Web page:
Some housing developers say Evanston’s proposed affordable housing program would raise prices and could kill off new development in the community.

“I think it will put Evanston in a disadvantageous position versus other communities,” Tim Anderson of Focus Development said in response to a city survey.
He said developers would have to build the price of the subsidy into the cost of new market-rate units and that would create “more polarity” in housing prices.
Kenneth Sproul of SMB Development said, that if people decide there’s a need for affordable housing, “then we the people should all share in the burden of providing it through public funds.”
“I believe this is not an issue that the majority of the electorate supports,” Mr. Sproul said, so special interests work to try to force a small segment of society – developers – to pick up the tab.
David Hovey of Optima Development said, “Developers should contribute their fair share to new affordable housing.” But he added that other players in the development process – from banks to realtors — should contribute too, as should the community at large through real estate transfer tax and permit fee increases.
“Historically we have provided a wide range of pricing to a wide range of buyers,” Mr. Hovey said, but reducing the price of subsidized units in future projects would mean increasing the average cost of the rest.
He suggested those price increases could be avoided, if the city gives developers incentives by increasing the density of developments – permitting more units, greater height and other adjustments.
Brad White of LR Development said he thinks new affordable housing is needed, and he said the proposed 10 percent requirement for subsidized units “is a fair number.” But he said the city should participate in the program by offering zoning or fee waiver incentives.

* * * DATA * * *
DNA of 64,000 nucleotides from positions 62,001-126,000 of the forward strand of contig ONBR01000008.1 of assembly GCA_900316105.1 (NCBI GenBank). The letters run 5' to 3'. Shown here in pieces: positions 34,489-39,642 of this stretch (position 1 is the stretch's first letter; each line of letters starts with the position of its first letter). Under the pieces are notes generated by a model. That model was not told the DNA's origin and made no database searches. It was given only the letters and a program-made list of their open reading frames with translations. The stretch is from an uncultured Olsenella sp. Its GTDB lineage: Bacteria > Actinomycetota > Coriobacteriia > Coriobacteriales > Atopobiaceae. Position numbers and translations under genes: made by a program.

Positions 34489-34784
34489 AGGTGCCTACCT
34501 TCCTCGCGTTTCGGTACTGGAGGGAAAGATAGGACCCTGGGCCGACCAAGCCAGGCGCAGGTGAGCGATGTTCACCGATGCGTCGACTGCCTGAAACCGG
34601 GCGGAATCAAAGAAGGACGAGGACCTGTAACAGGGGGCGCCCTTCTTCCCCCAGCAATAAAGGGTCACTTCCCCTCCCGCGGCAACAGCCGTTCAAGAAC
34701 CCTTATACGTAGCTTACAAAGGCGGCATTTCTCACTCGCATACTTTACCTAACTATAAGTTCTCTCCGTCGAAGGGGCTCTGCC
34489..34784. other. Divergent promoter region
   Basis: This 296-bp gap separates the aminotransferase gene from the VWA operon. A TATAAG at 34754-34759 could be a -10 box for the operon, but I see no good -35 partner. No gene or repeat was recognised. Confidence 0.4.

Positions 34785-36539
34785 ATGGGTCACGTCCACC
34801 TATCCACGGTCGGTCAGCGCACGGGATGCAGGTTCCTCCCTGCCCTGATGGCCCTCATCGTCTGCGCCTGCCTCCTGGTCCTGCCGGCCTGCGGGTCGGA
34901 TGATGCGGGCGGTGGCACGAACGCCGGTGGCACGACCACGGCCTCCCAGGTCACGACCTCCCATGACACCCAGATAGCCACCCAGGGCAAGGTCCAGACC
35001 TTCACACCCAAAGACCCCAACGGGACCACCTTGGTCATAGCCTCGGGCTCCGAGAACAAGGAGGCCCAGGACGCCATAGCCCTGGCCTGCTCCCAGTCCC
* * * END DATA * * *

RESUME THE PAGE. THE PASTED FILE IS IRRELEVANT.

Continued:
Special meeting
Aldermen have scheduled a special Planning and Development Committee meeting for 7 p.m. Jan. 5 to consider inclusionary housing proposal that have been under consideration by the Housing Commission for several years.
While many North Shore communities are under state mandate to increase affordable housing because less than 10 percent of their housing units are affordable to people making less than the median income, 26 percent of Evanston’s housing units were affordable as of the 2000 census.
But Carol Balcolm of the Citizens’ Lighthouse Community Land Trust says a new study from Business and Professional People for the Public Interest shows that only 17 percent of the housing stock here is affordable now.
Rising prices at low end
Real estate transfer tax data analyzed by the Community Development Department suggest that housing prices in Evanston are rising fastest at the low end of the market.
The price of the cheapest one quarter of all single family and town homes sold rose 18 percent from 2003 to 2004, while the price of the most expensive quarter was up just 1 percent.
For condominiums, the price of the cheapest quarter rose 13 percent, while the most expensive quarter went up 5 percent.
Targeting planned developments
The affordable housing proposal would affect all planned developments that include 25 or more housing units.
City staff have proposed that if developers don’t include at least 10 percent affordable housing within their projects, they contribute $40,000 for every 10 units in their project to an affordable housing fund.
At the Planning and Development Committee’s last meeting, some housing activists and aldermen suggested raising that contribution to as much as $100,000.
A number of aldermen also suggested trying to target the program to benefit public employees.

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Bill Smith is the editor and publisher of Evanston Now.

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